Monday, May 10, 2021

Comments by Kathryn47

Showing 1 of 1 comments.

  • Thankyou for the article. It is the first editorial I have found that makes a direct link between taking anti depressants and IBS. I stumbled upon the possibility that they were linked when I was sourcing threads from users about the withdrawal process of Efexor and realised that most of the symptoms being recounted were more severe versions of the symptoms that I have had off and on for a decade and a half and had associated with IBS. Interesting, No? I’ll have to check with family members, but I’m 90% sure that I commenced taking Efexor prior to the manifestation of the (allegedly) IBS symptoms. For a while there,, they were so severe that I really strugged to function properly. The only treatment to give me any real relief was Chinese acupuncture utilizing a mild electrical current. That period of several months was the worst of it and since then I have intermittently experienced mild bouts lasting generally no longer than 24 hours (as opposed to a week) and usually coinciding with the advent f my menstrual cycle – another interesting thing to note since, in your article, you also mention that serotonin is also involved in the regulation of the reproductive system.

    Circles within circles!

    Re. your article, I can understand and appreciate the validity of your conclusions with regard to the prescribing of anti depressants in situations where the depression is NOT SEVERE AND LONGSTANDING or where other options such as CBT, diet, exercise, lifestyle analysis etc have not been explored. HOWEVER, I also deem your conclusions to be extremely concerning in that they appear to be on the path of demonizing anti depressants wholesale rather than the obscene over-prescribing of them willy billy as a quick fix ‘happy pill’, rather than as a last resort.

    As someone either born with clinical depression (runs rampant in the family genes) or a vulnerability to it which was quickly triggered by an abusive parent (unsurprisingly the one with depression) who endured crippling anxiety and associated miserable depressive episodes for over 30 years before trying ADs, I can truly say that I tried everything else first. 17 years ago mental health had not yet become a fashionable oxymoron, and taking drugs was serious business.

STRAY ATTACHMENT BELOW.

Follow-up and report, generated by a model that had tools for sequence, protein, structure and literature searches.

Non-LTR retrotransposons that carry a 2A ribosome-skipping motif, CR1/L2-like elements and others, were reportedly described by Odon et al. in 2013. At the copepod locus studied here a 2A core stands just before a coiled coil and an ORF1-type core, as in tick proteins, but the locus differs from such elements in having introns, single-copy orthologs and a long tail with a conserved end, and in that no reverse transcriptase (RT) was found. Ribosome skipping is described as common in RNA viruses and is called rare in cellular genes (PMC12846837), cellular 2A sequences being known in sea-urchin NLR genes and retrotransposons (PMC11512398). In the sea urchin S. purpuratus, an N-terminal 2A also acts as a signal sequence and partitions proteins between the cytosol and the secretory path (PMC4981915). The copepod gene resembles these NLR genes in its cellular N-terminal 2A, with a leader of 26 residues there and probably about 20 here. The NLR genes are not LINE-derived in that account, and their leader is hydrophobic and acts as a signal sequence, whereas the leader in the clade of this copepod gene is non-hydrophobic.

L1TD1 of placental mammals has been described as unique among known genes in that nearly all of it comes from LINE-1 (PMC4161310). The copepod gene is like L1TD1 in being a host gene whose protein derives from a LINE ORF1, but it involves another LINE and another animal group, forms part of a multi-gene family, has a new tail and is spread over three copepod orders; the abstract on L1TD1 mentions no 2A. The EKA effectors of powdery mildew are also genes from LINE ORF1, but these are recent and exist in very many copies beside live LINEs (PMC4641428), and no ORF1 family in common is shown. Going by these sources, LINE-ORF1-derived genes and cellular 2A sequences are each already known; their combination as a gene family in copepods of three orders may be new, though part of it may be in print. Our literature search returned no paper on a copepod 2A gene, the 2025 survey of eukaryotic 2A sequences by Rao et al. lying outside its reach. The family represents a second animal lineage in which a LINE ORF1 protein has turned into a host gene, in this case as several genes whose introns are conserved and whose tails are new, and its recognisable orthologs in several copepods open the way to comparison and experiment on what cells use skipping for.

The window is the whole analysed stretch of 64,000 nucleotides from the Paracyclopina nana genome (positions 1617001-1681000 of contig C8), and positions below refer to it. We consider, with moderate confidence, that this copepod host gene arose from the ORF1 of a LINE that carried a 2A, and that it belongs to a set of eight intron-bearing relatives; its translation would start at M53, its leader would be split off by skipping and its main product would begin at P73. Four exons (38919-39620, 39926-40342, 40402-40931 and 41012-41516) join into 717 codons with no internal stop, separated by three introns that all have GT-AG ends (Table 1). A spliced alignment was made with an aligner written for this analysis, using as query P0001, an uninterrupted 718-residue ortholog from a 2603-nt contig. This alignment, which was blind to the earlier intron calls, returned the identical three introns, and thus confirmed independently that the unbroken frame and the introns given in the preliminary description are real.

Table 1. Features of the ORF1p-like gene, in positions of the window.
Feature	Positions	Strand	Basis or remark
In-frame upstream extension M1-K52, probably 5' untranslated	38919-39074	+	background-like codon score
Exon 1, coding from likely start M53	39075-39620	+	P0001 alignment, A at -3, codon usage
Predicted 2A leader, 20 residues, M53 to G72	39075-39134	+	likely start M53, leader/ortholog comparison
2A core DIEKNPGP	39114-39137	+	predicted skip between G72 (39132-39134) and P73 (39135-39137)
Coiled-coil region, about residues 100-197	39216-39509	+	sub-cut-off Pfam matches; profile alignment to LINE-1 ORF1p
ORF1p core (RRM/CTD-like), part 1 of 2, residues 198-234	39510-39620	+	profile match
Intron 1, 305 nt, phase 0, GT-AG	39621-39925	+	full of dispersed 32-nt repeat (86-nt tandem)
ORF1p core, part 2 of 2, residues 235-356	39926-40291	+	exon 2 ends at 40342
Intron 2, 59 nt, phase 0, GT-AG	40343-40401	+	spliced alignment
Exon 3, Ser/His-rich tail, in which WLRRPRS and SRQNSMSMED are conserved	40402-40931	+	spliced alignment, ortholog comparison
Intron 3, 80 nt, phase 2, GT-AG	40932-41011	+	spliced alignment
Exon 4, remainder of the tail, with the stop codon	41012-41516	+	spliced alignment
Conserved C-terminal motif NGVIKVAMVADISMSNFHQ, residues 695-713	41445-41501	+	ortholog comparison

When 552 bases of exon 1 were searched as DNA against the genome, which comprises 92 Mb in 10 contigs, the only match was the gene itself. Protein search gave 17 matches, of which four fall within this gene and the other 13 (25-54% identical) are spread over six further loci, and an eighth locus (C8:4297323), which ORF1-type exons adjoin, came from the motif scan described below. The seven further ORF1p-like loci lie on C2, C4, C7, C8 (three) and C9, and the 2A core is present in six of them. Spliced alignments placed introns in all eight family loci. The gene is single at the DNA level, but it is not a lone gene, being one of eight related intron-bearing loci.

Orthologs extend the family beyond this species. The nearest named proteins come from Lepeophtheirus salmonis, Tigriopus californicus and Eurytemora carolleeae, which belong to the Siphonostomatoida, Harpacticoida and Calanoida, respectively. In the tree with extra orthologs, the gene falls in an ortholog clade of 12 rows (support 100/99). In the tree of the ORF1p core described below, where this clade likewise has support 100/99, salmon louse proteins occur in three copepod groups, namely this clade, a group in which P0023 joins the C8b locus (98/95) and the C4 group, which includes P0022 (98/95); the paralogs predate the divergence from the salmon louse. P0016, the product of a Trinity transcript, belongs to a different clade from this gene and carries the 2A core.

I still vividly remember the first time I woke up, stretched, smiled (the sun was streaming through my window) and very HAPPY just for being there. An unforgettable experience for someone who had until then had felt like every day was a battle just to exist and maintain a facade of normalcy, all the while waiting for the axe to fall and to be ‘found out’ for the abysmal example of humanity I really was. Nice, huh? It was like being in a constant state of Fight/Flight syndrome. Awful, exhausting and relentless.

    Anyway, life didn’t magically become a fairy tale but the drugs did give me a space to breathe, to be calm, to understand what was happening and to stop blaming myself.


    Now, I know they don’t work for everyone. For some people it takes many tries and different combinations of drugs and therapy etc. The fact that every sufferer is SO individual and each regime needs to be finely-tuned to each individual for maximum efficacy, makes anti depressants an easy target when they are mis-prescribed or not properly monitored by members of the medical profession. I was lucky because the first drug prescribed for me worked and, in tandem with my doctor (who was refreshingly honest about the fact that, REALLY, they didn’t know exactly why these drugs worked), got to a dosage which seemed optimum and away I strode into my future.

    It really is tediously, boringly predictable that anti depressants were going to go from being Humanity’s Saviour to the latest excuse for lazy doctors and their lazy patients to blame anyone but themselves for the fact that ADs are causing problems for those that never should have been taking them in the first place.

    A little aside after that rant. I have the greatest respect for most medical practitioners and, indeed, sympathize with the increasing pressure they are under to ‘production line’ patients and from patients to provide a ‘quick fix’ but these drugs are too strong to hand out like candy.

    It’s time for everyone to take some responsibility. We all know, after all, that anything worth having has to be worked hard for. What kind of world are we living in that our mental health is given such short shrift in the value stakes?

    Yes, for Goodness Sake let’s be more circumspect about WHEN we use these drugs but don’t make the mistake of making desperate people too afraid to take them when they may be the only thing that could alleviate their suffering.

    I’m not a ‘party of one’ either. There are many, many stories out there about people who have reclaimed their lives with the help of ADs, and no doubt many millions more who are out there quietly and calmly living meaningful lives who do not feel the need to advertise. And Yes, I know there are plenty of horror stories out there too. Often these individuals are the victims of ignorance, negligence or irresponsibility. Also, we all know that more than anyone, whingers like a forum. When I read comments such as “the dr gave me this drug and it’s made me feel all speedy and nauseous” I have to roll my eyes. Firstly, didn’t you read up about this “hardcore” drug first Doofus? And secondly, I still remember a time when feeling “speedy and nauseous” instead of anxious and depressed, would have been BLISS.

    Wow. Dem dere’s a lotta words. Thankyou and Goodnight.

    Kathryn 🙂